When my friends or members of my family ask me about Words Without Walls, their questions all tend to be simultaneously curious and cautious, and most of them have more to do with logistics than they have to do with learning or teaching.
“Do you have to go through security?”
“Can you wear jewelry, or do they make you leave all that at the door?”
“Aren’t you a little scared of the inmates?”
“Are you doing this for credit?”
I can understand where these questions and hesitations come from. My fellow teachers and I are, after all, walking into a secure facility every week in order to interact with inmates who are serving time. There are doors that must be unlocked, uniformed officers who must wave us through security, and strict time limits that must be adhered to. Concern is, I suppose, a reasonable reaction to all of this. However, from the moment I found out I would have the opportunity to participate in Words Without Walls at the Allegheny County Jail, these were the last elements of my experience that entered my mind.
Because I was fortunate enough to be able to work with some of the pieces produced by the Words Without Walls program before I started teaching, I had some idea about the results of the program. I had the honor of reading just a small – but extremely moving – portion of the brilliant work that was being produced by its participants. Each piece moved me more than the last, recounting stories and lives in such raw and honest detail that I nearly had to catch my breath after reading them. This work often left both my gut and heart wrenched and yet, I could not stop myself from reading them again and again. This experience allowed me to start seeing past the rules and regulations that are naturally involved in this type of alternative teaching space, past the locked doors and uniforms, and into my future classroom.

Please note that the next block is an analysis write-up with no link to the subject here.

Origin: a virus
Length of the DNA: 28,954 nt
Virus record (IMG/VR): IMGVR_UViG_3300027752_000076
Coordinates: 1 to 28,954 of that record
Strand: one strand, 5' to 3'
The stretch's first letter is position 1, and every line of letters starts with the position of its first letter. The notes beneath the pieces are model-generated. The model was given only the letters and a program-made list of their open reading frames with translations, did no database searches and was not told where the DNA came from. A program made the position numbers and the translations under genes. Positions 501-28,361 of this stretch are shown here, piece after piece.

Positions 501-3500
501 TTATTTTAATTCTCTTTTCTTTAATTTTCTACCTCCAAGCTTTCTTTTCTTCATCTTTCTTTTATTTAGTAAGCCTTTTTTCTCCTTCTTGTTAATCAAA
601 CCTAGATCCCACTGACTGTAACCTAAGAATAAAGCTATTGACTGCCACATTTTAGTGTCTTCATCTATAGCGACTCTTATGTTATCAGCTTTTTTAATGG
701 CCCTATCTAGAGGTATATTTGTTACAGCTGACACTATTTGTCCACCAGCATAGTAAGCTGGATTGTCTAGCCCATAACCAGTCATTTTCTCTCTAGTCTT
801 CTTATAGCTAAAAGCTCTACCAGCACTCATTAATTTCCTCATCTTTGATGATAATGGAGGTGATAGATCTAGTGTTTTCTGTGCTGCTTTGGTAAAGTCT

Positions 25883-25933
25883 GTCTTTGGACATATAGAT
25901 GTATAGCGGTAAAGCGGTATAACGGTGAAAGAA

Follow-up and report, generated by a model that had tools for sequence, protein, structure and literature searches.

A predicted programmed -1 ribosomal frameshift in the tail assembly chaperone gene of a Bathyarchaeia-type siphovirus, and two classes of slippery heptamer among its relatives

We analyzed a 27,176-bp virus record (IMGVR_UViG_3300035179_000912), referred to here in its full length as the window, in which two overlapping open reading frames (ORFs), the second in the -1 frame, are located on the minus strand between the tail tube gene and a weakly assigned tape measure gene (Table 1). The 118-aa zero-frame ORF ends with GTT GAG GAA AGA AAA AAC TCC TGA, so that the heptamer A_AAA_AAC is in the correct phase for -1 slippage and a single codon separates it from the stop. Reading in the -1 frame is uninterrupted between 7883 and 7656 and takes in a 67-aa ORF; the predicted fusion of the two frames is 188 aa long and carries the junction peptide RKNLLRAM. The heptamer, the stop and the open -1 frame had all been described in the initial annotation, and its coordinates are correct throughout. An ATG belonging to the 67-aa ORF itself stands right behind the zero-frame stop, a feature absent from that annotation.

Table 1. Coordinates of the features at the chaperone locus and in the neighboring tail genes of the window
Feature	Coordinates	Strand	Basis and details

And my teaching experience so far has been exponentially more than uniforms and secure entrances. My fellow teacher and I often find ourselves speechless when we leave at 7:00 on Thursday evenings. We are consistently floored by the progress of our students, by their eagerness to learn, to write, to engage. When we are in our basement classroom, we and our students are not separated by glass or bars or doors. We are not separated by our choices, by the paths our lives have followed, by our histories or by our futures. For three hours, we are all just people. We are students, teachers, writers. We learn from each other, we create with each other, and we talk to each other as fellow humans.
And so, when I am asked questions about the procedures and specifics of my Thursday afternoons, I graciously answer them. I offer my enthusiastic rebuttals, I might recall one of the many moments that invariably leave me in awe of these students each week, but, most of all, I feel grateful that teaching with Words Without Walls has allowed me the chance to see beyond the regulations and discover what this program is really about: creating art with other humans.
-Tess Wilson-Gay, Teacher